The second stage of a Chinese rocket that launched three spy satellites has just broken up this week over Texas, according to the U.S. Naval Institute.
Here’s what the Chang Zheng “Long March” rocket looked like taking off from China in June.
The four-ton rocket reentered the atmosphere on Wednesday at 17,000 miles per hour and disintegrated, but it’s only being reported now. While they haven’t found any debris yet from the rocket stage, they’re saying the debris field could be miles wide and hundreds of miles long. It’s not clear what kind of a hazard this could pose, and the Chinese have had issues in the past with space debris like this.
A Pentagon spokesman acknowledged a request for information from USNI News on Thursday but did not immediately respond to questions. The Department of Defense did not issue a statement before the entrance into the atmosphere.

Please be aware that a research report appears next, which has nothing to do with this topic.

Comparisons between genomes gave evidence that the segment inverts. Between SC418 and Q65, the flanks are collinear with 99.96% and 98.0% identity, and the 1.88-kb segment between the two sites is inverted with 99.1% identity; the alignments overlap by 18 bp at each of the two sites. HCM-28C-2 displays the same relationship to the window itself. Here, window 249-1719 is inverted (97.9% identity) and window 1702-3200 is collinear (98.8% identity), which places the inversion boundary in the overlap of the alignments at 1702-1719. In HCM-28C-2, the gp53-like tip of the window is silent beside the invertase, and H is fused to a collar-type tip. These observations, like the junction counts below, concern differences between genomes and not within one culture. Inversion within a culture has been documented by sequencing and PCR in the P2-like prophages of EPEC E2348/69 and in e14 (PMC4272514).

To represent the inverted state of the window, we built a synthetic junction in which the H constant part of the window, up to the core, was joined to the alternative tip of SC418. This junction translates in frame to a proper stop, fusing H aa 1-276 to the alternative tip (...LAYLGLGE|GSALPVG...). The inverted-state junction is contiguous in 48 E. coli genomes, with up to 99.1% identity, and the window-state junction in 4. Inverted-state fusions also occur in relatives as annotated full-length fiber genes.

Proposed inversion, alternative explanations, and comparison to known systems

Based on the NORAD tracking data, the stage belonged to a mission that delivered three military electronic signals surveillance satellites that were meant to collect signals data from the South China Sea, astrophysicist Jonathan McDowell with the Harvard-Smithsonian Center for Astrophysics told USNI New on Thursday.
The rocket took off from the Xichang Satellite Launch Center on June 23 in central China.
China isn’t talking about its stage falling over Texas. But the rocket could carry up to 8,000 pounds of cargo. Is Biden going to have another talk with them? Or is this all cool, too?
That isn’t looking good, particularly after what happened with their spy balloon trying to surveil the country in February, which got shot down out of the sky after looking at our military installations for a week.